Minimizing the impact of hard pulls on your credit score

If you're sitting there reading this and thinking you need to limit the number of places you shop at for the best rate on a mortgage, car loan or the like, don't worry. While it's true that multiple hard pulls occurring within a short period can pull down your score, there are exceptions. For example, if you make multiple inquiries for the type of the loan, i.e. mortgage or auto, the inquiries may likely be viewed as one as long as they are made within a certain window- typically about 14 days.

The value of regularly checking your credit score

There are many good reasons for checking your credit report regularly. Primarily, you want to ensure it is accurate. If you can see that a hard inquiry occurred without your permission, you can likely dispute it with the credit bureau. If you don't receive satisfaction there, you can also contact  the Consumer Financial Protection Bureau (CFPB) for further assistance. 

Errors on your credit report may also be a sign of identity theft. So you want to be sure to track down the origins of anything outside the ordinary, keeping in mind that you can only dispute hard inquiries that occurred without your permission. If you authorized a hard inquiry, it generally takes about two years to fall off of your credit reports.

Another good reason for checking your score is to know where you stand in the eyes of a potential lender. Before applying for a mortgage or other sizable loan, it's good to know your score as this will help you qualify for the best rate and terms which will, in turn, affect your monthly payments.

Other common myths regarding credit scores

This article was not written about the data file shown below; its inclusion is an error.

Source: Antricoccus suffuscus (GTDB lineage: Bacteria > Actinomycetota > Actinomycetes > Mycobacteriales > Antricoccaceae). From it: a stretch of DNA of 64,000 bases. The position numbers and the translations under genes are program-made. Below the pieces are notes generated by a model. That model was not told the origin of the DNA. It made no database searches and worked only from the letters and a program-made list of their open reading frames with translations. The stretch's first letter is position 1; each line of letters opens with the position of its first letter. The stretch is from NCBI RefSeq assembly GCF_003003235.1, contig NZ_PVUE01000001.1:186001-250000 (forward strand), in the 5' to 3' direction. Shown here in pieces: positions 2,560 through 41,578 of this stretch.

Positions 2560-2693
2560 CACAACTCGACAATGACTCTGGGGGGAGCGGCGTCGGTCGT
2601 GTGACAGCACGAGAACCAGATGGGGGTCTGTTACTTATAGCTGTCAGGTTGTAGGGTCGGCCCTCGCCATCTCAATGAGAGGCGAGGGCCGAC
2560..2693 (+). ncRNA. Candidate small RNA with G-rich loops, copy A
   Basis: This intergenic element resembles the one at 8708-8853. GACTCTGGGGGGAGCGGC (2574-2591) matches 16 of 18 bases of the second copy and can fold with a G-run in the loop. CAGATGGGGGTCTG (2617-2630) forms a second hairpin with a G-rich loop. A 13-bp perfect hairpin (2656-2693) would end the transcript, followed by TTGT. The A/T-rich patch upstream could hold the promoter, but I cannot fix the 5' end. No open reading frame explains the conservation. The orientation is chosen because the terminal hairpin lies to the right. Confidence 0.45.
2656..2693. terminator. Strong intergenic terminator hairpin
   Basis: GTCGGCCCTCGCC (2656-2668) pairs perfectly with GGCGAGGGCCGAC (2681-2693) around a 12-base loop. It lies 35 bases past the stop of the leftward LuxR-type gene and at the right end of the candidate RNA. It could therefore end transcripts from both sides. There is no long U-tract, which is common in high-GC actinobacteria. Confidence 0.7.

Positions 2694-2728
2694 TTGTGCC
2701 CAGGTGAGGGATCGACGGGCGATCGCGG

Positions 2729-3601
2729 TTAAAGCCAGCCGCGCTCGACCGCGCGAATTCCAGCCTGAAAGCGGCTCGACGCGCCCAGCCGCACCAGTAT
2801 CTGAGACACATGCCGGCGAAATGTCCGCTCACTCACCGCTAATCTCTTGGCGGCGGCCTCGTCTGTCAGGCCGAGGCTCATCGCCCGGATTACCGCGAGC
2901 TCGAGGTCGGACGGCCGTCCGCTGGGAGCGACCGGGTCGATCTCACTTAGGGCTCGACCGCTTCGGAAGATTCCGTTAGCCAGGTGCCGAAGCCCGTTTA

We've already addressed the most common misconception about credit scores and that's the fact that checking your own score has no impact on the number. Unfortunately, there are other myths that continue to interfere with consumers' abilities to make smart financial decisions and maximize their credit scores. These include: 

  • Closing credit card accounts will improve your score. Although paying down debt is important to improving  your score, closing accounts can actually hurt you because it adversely affects your credit utilization ratio. Creditors typically like to see that you can use credit responsibly, so it's recommended to keep at least a few lines of credit or accounts open.
  • Income and assets affect your credit score. This is not true. Even though lenders are interested in confirming that you have sufficient resources to pay off your debt, credit bureaus do not factor in assets or income when determining your credit score.

Now that you have a better understanding of what truly affects your credit score and what does not, you can more effectively work to build the best score possible. Watch for our next blog in which we will outline steps you can take to maximize your credit score.